12” x 12” x 4” Clarity pattern glass block were used to build the enclosure. The walls offer riders going up the escalators a great view of the outdoors, while also affording the opportunity to enjoy natural daylight.
12” x 12” x 4” Clarity pattern
Architecture: GWWO Inc.
Contractor: W. M. Schlosser Company, Inc
We participated in the rehabilitation of the Arlington House. This was the former home of General Robert E. Lee, and it is now a part of the property where Arlington National Cemetery is today. At the time it allowed the best view of the new national capital emerging in the city; today Arlington House prominently faces the Lincoln Memorial.
Made possible by a generous $12 Million donation by philanthropist, David M. Rubenstein, the memorial honors General Lee’s contributions in promoting peace after the Civil War. While many national monuments have a simple positive message, The Arlington House is complex. The house doesn’t just celebrate blindly, but also exposes the complicated parts of American history. It brings up the debate between slavery and freedom, as well as loyalty and citizenship.
We installed a GlassWalk Floor System into the floors of the building. The glass panels help showcase how the barracks in the lower level looked during the 1800s. The GlassWalk floor creates more light in areas of the home that were not well lit, while giving visitors a new viewpoint. While the GlassWalk floor adds a new design element that would not have been used in the 1800s, the integrity of the classic design remains.
GlassWalk Horizontal Perforation for Slip Resistance
Youngstown Historical Center of Industry and Labor
Architect: Meta von Rabenau, AIA
Contractor: Youngstown Historical Center of Industry & Labor
When people think of the manufacturing industry that built this country, one of the first cities people will think of is Youngstown, Ohio. The city is one of the most vital parts of the rust belt, and the people who live there exemplify the term blue collar.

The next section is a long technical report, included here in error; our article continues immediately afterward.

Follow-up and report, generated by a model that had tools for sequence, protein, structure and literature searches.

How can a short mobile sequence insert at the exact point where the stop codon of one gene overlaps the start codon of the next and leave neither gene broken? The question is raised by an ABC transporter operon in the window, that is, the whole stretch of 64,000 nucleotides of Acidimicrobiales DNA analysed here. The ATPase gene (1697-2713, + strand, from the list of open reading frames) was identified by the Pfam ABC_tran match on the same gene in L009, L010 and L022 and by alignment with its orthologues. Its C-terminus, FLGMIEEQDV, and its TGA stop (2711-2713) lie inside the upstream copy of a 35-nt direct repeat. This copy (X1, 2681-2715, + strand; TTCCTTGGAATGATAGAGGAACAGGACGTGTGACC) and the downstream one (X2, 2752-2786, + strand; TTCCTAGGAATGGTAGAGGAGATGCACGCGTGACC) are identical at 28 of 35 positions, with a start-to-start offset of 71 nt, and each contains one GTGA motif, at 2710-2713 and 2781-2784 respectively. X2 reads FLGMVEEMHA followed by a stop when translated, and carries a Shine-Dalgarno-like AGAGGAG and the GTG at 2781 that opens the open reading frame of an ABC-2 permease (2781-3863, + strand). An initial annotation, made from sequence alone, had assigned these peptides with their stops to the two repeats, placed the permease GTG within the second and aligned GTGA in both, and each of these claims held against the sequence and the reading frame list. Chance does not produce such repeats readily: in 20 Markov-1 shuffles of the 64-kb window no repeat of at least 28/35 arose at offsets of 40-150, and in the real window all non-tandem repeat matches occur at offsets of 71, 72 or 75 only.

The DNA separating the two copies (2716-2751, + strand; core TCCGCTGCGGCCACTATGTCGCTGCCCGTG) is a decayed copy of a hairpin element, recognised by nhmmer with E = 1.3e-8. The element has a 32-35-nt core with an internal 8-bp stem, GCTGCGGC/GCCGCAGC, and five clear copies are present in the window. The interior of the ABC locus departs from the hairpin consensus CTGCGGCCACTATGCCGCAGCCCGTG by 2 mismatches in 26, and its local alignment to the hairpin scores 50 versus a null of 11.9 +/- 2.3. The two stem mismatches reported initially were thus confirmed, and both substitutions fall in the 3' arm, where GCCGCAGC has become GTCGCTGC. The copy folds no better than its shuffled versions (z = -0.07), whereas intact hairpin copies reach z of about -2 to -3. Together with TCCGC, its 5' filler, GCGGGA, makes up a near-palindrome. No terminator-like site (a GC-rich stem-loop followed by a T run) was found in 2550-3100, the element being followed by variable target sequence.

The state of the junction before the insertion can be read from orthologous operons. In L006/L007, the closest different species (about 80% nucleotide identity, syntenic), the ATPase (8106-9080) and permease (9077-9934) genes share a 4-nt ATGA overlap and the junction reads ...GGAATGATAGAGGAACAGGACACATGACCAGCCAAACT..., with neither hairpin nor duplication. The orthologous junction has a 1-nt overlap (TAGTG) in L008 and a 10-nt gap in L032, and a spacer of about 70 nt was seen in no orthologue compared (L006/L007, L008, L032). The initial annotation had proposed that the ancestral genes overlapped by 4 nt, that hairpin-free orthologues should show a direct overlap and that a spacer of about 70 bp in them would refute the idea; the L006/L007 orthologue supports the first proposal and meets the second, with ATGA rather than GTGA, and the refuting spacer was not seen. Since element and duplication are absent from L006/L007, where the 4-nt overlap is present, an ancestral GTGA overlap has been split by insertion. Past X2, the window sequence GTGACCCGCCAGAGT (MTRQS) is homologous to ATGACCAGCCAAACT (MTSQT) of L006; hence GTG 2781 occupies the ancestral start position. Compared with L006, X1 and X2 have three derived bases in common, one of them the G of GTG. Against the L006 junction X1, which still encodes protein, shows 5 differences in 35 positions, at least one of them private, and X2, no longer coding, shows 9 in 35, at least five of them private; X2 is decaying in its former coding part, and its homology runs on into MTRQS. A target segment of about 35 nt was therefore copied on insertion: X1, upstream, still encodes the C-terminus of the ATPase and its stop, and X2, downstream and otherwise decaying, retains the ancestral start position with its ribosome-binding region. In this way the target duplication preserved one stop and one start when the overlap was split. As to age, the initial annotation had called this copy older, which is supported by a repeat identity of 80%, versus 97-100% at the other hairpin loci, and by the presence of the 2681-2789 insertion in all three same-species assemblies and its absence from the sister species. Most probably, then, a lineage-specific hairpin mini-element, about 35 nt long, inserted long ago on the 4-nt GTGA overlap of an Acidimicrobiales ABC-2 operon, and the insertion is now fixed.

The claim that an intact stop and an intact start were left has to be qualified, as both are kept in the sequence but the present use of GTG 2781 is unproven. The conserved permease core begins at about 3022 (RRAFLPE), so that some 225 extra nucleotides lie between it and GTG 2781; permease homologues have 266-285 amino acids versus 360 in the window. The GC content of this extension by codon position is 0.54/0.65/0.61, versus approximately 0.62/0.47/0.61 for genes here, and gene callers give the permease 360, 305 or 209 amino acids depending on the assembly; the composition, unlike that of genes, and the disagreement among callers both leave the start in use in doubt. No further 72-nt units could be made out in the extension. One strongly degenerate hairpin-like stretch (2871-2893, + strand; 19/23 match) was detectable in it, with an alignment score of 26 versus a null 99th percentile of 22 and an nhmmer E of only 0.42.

It is not a surprise that the city is the home of the Historical Center of Industry and Labor. The museum educates visitors while honoring the history of the steel industry. It was the steel industry that took over Youngstown during much of the 20th century. The museum goes through the timeline of the region’s history with manufacturing: from its economic development with black coal, to their redevelopment of the steel factories.
We participated in the restoration of the octagon-shaped stairwell that was built with glass block in the 1980s. The structure has a classic feel, as does the entire museum, which even includes smokestacks to resemble a steel mill.
The stairwell used 12” x 12” x 4” and 8” x 8” x 4” Nubio pattern glass block. The renovation of the damaged glass block and the sealing of all existing mortar joints will preserve the structure for many decades.
12” x 12” x 4” and 8” x 8” x 4” Nubio pattern
As you can tell from these projects, we had a very successful and exciting 2019. We look forward to the new challenges and projects that the new year will bring us!
If you have a project, we’d love to discuss it with you. Fill out our CONTACT FORM, and we’ll help with your plan and offer any samples needed.
About GBA Architectural Products + Services
GBA Architectural Products + Services has been assisting Architects, Engineers, and Designers for 35 years. From your initial design concept, through CD’s and the finished installation: we can assist you at every step. Whether you require samples, specifications, design assistance, or a plan review – We are an email or phone call away.
Our phone numbers to reach our GBA experts are:
East Coast: (212)-255-5787
West Coast: (213)-634-7050